(The Enquirer also entered the stories in the national reporting category, but I could not reach members of that panel.)
One juror told me that, among that competition, the Enquirer’s stories about Edwards did not even make the top 10. The tabloid had first revealed Edwards’ relationship with his campaign videographer, Rielle Hunter, in the fall of 2007 and continued to push the story forward through 2008. The Pulitzers announced this week were for work in 2009.
The Enquirer had broken news during the contest period, but not blockbuster stuff: It revealed a federal grand jury had convened to consider whether the one-time North Carolina senator committed campaign finance violations. It also reported details of Hunter’s support demands, which the paper said amounted to nearly $18,000 a month.
But that came more than a year after the Enquirer cornered Edwards at the Beverly Hilton Hotel and somehow managed to secure a picture of the politician (who it once called “the immaculately coifed cheater”) holding his “love child.”
“The fact that the main revelations had happened in a prior year was one factor against them,” one juror told me. “There is a difference between a scoop or a ‘get’ and a great investigation with a high degree of difficulty.”
True, but not exactly on point. The Enquirer didn’t unwrap the Edwards saga merely via a single tip. It persisted over many months when many mainstream news organizations, including this newspaper, did little to follow up. (Some see a conspiracy in the big media’s silence. I see a focus of reporting resources on Barack Obama and other candidates who seemed more likely to get to the White House.)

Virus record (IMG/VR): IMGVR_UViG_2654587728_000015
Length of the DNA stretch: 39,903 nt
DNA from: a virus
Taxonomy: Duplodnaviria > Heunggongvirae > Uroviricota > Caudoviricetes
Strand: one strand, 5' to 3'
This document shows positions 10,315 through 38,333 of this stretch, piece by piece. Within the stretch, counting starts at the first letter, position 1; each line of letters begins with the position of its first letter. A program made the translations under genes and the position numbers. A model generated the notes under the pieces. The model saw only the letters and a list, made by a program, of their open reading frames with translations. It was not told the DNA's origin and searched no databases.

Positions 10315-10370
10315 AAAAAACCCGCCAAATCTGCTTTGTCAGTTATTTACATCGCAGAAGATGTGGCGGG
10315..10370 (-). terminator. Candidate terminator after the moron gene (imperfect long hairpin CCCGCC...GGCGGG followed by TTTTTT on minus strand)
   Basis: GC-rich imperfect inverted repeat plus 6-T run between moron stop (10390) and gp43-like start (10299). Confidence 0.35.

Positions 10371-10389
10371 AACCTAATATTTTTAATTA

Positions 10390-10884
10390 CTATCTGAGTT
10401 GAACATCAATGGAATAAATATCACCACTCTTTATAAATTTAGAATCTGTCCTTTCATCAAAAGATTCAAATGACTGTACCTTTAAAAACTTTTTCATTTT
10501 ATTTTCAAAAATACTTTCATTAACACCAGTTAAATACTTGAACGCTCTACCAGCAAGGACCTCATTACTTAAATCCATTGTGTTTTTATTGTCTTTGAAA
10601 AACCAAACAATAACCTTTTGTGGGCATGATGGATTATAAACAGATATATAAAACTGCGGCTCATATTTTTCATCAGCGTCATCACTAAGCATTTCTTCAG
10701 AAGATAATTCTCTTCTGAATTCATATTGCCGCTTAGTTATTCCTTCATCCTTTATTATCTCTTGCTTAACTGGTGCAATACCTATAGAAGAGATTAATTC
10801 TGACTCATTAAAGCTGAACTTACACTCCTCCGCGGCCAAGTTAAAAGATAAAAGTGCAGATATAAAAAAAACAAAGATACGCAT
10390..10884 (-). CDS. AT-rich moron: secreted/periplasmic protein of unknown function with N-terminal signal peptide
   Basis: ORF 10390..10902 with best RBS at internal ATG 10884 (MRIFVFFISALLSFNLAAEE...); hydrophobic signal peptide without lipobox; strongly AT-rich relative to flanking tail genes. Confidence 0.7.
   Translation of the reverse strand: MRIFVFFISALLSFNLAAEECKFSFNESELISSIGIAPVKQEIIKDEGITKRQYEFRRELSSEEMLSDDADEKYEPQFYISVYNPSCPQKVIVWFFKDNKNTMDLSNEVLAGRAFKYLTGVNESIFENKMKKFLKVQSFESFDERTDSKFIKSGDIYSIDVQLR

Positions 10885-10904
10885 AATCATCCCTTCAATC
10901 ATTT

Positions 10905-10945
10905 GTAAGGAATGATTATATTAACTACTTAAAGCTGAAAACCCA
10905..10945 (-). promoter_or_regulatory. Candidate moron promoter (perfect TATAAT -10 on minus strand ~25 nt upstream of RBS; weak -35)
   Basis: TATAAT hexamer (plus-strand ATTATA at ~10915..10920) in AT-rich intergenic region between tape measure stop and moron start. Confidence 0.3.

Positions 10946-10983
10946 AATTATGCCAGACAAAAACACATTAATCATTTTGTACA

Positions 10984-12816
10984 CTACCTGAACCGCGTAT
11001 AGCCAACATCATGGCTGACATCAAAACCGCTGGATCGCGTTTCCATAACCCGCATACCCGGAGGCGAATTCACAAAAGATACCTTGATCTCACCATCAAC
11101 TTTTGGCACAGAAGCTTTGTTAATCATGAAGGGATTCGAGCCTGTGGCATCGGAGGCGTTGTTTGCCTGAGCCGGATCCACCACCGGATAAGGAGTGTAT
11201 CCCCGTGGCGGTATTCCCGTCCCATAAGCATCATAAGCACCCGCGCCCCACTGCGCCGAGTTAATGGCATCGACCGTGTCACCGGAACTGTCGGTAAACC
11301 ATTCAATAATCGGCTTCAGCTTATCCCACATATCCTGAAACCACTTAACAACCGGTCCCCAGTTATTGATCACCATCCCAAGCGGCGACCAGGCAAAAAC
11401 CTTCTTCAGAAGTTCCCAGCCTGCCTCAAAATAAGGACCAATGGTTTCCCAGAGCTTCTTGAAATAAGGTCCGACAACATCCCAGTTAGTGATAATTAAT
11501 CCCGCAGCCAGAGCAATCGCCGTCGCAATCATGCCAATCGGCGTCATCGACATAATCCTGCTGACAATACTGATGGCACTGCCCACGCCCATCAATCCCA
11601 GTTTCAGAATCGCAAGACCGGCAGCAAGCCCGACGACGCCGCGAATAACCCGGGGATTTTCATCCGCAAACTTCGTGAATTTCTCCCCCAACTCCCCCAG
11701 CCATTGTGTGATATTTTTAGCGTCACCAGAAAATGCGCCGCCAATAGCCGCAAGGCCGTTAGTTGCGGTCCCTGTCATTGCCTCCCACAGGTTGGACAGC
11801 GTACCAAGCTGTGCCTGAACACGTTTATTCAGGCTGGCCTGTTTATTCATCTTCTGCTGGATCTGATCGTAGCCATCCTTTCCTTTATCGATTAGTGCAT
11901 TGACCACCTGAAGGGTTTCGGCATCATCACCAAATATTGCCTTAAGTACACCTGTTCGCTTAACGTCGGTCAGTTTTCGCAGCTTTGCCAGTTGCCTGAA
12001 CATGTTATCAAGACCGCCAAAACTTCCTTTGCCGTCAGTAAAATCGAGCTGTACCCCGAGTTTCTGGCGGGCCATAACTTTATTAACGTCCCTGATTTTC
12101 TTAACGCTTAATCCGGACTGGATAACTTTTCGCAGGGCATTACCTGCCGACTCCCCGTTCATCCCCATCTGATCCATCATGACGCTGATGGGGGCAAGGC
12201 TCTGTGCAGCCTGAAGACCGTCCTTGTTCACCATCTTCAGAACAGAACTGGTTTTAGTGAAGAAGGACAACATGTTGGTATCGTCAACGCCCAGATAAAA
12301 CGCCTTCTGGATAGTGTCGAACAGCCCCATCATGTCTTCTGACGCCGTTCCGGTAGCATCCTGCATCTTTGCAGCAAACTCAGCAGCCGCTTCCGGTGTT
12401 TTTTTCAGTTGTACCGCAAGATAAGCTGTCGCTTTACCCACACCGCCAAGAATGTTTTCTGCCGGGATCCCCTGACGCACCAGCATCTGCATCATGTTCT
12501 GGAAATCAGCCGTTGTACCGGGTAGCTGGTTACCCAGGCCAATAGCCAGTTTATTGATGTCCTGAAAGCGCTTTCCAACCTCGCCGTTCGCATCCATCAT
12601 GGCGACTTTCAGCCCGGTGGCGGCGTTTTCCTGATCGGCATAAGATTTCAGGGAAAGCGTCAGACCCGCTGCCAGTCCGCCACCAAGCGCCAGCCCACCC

The New York Times won a Pulitzer last year for the less demanding task of uncovering an ongoing government investigation — its revelation of then-New York Gov. Eliot Spitzer’s fling with a high-priced call girl.
The Enquirer, in contrast, started and drove the Edwards investigation. But the story dribbled out for so long a Pulitzer juror could be forgiven for viewing more recent chapters as something less than what the paper likes to call “blockbuster exclusives.”
Enquirer editor Levine, who reported some of the Edwards stories himself, has acknowledged that the paper paid for some of the initial information that got its investigation going. But he insists that none of the stories in 2009 had been paid for.
The subject of checkbook journalism barely came up during the deliberations, one Pulitzer juror told me. But it would have gotten a thorough hashing over if the sex scandal entry had been in more serious contention for a prize, the juror said.
Most mainstream journalists still believe that paying for information skews the playing field, not to mention its potentially corrosive effect on the truth. I agree.
But it’s also hard to deny that, this time, the Enquirer made a difference. “Had we not raised the question,” Levine said, “it’s possible Edwards could be in a key position in the government, whether vice president or in Obama’s Cabinet. It really could have affected the future of the government.”
It might not have fit into one of the Pulitzers’ neat categories, but it seems like that deserves some sort of recognition. And, thus, we give you the Muffin Choker.